AI has been a game-changer in many activities, including content creation, where it has revolutionized how we produce videos, images, music, and writing. Using AI in generating content has resulted in increased efficiency, reduced costs, and improved quality, and has been applied to create realistic images of photographs, oil paintings, and 3D structures. AI can also help artists visualise more complex art and sculptures. For instance, LightX’s AI sculpture generator uses artificial intelligence to craft breathtaking images of 3D sculptures using just a single photograph. This advanced technology can empower artists to experiment with sculpting and design, bringing their artistic concepts to life. However, to generate realistic images accurately, deep learning networks need to understand the physics of light. We can evaluate the degree to which AI has understood or correctly applied the rules of light physics by asking it to generate images that offer the opportunity for careful analysis.

As shown in figure 2, DALL-E 3 can be used to generate an image of a straw in a glass of water. The rules of physics denote that the angle of the straw should be different below and above the water line, owing to the effect of refraction. This is a direct consequence of the difference in the refractive index of the water and air. This generated image can then be compared to a real photograph of a straw in a glass of water. Whilst the generated and the real image have slightly different viewing angles and the two glass containers are not identical, there is a strong similarity between the angle of the straws below and above the water line. In this case, it appears that the AI has indeed generated an image that appears to follow the physics of refraction.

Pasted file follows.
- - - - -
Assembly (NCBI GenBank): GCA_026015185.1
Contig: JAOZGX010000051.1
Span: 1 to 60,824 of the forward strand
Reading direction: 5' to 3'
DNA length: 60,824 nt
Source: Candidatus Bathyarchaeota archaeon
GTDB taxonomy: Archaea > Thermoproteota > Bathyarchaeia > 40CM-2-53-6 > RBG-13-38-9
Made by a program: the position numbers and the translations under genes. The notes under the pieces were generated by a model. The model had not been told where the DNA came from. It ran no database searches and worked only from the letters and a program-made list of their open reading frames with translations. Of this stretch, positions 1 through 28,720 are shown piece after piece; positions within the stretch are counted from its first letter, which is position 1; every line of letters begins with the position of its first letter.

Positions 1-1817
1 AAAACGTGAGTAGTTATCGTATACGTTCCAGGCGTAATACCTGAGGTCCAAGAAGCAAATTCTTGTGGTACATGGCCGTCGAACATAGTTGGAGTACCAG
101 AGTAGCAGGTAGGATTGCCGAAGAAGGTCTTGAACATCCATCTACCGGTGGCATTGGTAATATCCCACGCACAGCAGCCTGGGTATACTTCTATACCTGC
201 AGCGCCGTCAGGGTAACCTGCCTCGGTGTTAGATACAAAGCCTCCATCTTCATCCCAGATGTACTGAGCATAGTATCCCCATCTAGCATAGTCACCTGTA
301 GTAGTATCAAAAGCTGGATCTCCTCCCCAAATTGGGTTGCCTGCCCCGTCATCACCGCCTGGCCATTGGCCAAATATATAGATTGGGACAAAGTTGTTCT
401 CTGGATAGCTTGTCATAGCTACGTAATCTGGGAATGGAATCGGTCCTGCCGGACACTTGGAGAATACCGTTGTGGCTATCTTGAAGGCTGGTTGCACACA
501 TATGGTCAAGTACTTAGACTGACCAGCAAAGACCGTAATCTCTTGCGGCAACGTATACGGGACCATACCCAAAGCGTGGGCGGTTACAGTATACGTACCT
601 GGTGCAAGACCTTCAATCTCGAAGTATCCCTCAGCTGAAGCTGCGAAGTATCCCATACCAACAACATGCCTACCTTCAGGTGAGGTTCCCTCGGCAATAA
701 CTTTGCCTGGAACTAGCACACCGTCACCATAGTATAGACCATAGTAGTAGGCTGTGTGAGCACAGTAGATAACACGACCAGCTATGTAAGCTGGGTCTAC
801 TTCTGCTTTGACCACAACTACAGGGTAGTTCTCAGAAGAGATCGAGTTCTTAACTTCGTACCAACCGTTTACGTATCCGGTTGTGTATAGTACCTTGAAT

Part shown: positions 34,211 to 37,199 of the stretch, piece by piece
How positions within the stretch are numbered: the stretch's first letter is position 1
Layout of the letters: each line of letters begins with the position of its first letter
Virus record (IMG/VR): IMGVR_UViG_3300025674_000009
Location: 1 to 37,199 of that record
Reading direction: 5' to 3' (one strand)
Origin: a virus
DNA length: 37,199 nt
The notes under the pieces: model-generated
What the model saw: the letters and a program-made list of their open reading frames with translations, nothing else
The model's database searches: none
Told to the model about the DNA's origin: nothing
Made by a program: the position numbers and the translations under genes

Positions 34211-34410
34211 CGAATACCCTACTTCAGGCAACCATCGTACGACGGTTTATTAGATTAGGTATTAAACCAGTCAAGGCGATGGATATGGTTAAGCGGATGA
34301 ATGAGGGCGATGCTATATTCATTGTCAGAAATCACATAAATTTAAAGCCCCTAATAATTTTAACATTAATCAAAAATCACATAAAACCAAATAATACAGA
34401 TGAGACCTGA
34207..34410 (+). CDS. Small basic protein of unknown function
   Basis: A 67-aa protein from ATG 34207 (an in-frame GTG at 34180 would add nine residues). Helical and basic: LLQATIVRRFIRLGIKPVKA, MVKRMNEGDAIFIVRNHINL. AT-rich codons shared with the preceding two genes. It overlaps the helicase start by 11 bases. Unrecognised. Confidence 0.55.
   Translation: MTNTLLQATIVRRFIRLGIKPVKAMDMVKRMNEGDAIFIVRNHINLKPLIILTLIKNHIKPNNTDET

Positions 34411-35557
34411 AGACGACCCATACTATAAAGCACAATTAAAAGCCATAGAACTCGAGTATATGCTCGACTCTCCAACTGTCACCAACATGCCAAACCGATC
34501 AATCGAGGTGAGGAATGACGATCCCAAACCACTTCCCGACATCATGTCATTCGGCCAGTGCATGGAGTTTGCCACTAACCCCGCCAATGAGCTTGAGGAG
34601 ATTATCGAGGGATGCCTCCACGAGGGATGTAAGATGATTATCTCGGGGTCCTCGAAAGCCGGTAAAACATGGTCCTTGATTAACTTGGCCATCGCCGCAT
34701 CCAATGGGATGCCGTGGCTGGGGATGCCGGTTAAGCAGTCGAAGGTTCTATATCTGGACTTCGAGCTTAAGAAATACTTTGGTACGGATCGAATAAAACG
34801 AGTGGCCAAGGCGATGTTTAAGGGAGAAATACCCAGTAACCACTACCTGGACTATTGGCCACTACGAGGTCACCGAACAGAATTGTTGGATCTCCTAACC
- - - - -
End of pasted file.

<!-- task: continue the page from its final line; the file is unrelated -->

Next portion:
glass water straws AI image

Figure 2: (Left) Image of a straw in a glass of water generated using DALL-E 3 using the prompt “red straw in a glass of still water on a white surface”. (Right) Image of a photograph of a straw on a white piece of paper taken using an iPhone SE 2020 edition. The angles of the straw above and below the water are highlighted by blue and yellow dotted lines. Images © the authors.


Figure 3 shows a generated image, using DALL-E 3, of a miniature sculpture of Stone Henge placed on a mirrored surface, which provides the opportunity to evaluate the capability of the AI in following the rules of reflection. A second image shows the result after flipping the generated image on the horizontal axis, to allow for a more detailed comparison of the reflected component of the image. Whilst the reflection is mostly correct, there is a notable error in the position of one of the Sarsen stones, and this is also highlighted in the figure. In addition, whilst the shadows and texture are similar in both the original and the reflection, there are subtle differences in the general angles of the Sarsen stones. The conclusion here is that, in this case, the AI has failed to perfectly follow the physics of reflection.

AI image Stone Henge

Figure 2: (Left) Image generated using DALL-E 3 using the prompt “A miniature sculpture of Stone Henge on a reflective surface”. (Right) The vertical mirror image, with the yellow circle highlighting a significant error in the reflection. Images © the authors.


As artificial intelligence technologies ‘learn’ to understand the physics of light, the journey towards accurate physics-based artwork continues to progress. While more training data and novel network architectures are necessary, it is likely that we are steadily progressing towards a future where AI can assist artists in creating realistic imagery on demand. This could bring forth a world where artists can effortlessly translate their visions into digital or physical canvases with unprecedented accuracy and creativity. AI also holds the potential to revolutionise the materials used in art by uncovering new ways to manipulate light. By understanding the absorption and scattering properties of currently unused compounds and materials, AI may help artists discover innovative paints and materials that can unlock new and exciting visual capabilities.


At a glance:

mind map creativity light-James A. Grant-Jacob and Ben Mills

© Journal of Creativity and Inspiration.

Images copyrights as specified.


About the authors

Dr. James A Grant-Jacob, MInstP, is a Senior Research Fellow at the Optoelectronics Research Centre, University of Southampton. He has worked in a variety of areas, ranging from high harmonic generation and phase retrieval, to DNA sequencing, laser-induced forward transfer (LIFT), pulsed laser deposition, laser fabrication, laser machining, sensing, medical imaging and artificial intelligence.

Dr. Ben Mills is a Principal Research Fellow and world-leader in the application of deep learning for laser machining. With over 150 papers, 20 invited talks, and £ 11 million grant income, he was recently awarded “The Top 100 in Photonics” and the AILU “Innovation Award”.